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Old 01-27-2014, 05:34 PM
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Loss on conversion from after-tax 401K to Roth IRA

Hi. I have just started making contributions to my after-tax 401K account with my employer. I plan to convert these after-401K assets to Roth IRA. I know that I’ll be subject to tax only on “earnings” for these conversions. What would be the tax consequences if I made loss(es) rather than gains during the conversion these assets? For example, is this something that I can carry forward as a capital loss and declare as a deduction from income tax? Thank you for your help.



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Old 01-28-2014, 07:45 AM
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Originally Posted by golf2000 View Post


#1;Hi. I have just started making contributions to my after-tax 401K account with my employer. I plan to convert these after-401K assets to Roth IRA. I know that I’ll be subject to tax only on “earnings” for these conversions.


#2;What would be the tax consequences if I made loss(es) rather than gains during the conversion these assets? For example, is this something that I can carry forward as a capital loss and declare as a deduction from income tax? Thank you for your help.
#1; Correct; after-tax contributions are the amount of deductions you make from your monthly income AFTER taxes have been paid.you don't have to pay tax on withdrawals because you've already paid taxes . Any earnings you make however are taxable just as ordinary income. Less restrictions on withdrawing income before the age of 59.5.
Note: If you withdraw any amount before the age of 59.5, you will have to pay taxes on the earnings you made ON THAT WITHDRAWAL amount. For example, if you withdrew $5k on which you earned $450 interest, you will not be taxed on the $5k. However, you WILL be taxed on the $450.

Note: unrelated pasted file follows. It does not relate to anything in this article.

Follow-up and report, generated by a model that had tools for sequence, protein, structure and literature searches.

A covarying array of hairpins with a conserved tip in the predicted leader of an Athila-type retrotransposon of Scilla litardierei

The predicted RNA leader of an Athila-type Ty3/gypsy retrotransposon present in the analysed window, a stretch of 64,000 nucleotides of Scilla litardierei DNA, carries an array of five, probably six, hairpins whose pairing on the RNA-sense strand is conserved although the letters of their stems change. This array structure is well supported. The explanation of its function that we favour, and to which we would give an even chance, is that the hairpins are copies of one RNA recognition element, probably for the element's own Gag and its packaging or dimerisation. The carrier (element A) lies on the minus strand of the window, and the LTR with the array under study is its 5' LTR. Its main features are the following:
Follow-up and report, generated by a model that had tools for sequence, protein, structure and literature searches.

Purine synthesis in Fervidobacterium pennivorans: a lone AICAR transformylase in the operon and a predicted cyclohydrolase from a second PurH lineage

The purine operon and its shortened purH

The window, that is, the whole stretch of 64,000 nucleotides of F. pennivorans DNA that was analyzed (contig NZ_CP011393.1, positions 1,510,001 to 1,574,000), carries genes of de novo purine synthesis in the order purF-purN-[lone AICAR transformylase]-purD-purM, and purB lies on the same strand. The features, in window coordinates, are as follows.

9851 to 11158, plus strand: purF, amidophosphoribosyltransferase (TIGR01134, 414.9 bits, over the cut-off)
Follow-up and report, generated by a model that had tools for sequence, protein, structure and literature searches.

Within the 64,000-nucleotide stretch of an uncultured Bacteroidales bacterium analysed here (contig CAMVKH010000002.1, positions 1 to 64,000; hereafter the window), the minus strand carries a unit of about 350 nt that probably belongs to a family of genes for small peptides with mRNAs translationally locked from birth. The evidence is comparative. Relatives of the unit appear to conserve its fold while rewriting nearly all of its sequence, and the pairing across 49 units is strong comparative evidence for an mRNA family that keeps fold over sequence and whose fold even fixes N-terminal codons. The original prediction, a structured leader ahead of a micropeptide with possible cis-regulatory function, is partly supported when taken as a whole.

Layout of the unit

#2;The IRS treats the tax deduction for 401k losses as a miscellaneous deduction, meaning you must itemize your deductions using Sch A to claim the deduction. But only in specific circumstances can you claim a loss on your 401k on your taxes: You must close your 401k, and your tax basis for the account must be less than your total distributions over the life of the account. You cannot claim a loss based on your losses for one year. Instead, the losses are based on the losses over the life of the account;you need to calculate the tax basis of your 401k account. asyou have a traditional 401k account and have not made any nondeductible contributions (which are rare), your tax basis is $0, and you cannot claim a 401k loss on your taxes. Subtract the value of all the distributions you have taken from your 401k plan, including the distribution you take to close the account. For example, if you made $50k in after-tax contributions to your 401k plan and had received only $40k in distributions, you would have a loss of $40k.then, you need to add the value of any other miscellaneous deductions that you have to the value of your 401k losses deduction. Report the loss as a miscellaneous deduction on your Sch A list of itemized deductions.unless you itemize deductions on your fed return, you can’t deduct the losses.



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Old 01-28-2014, 12:40 PM
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Thanks again for your prompt and helpful guidance.



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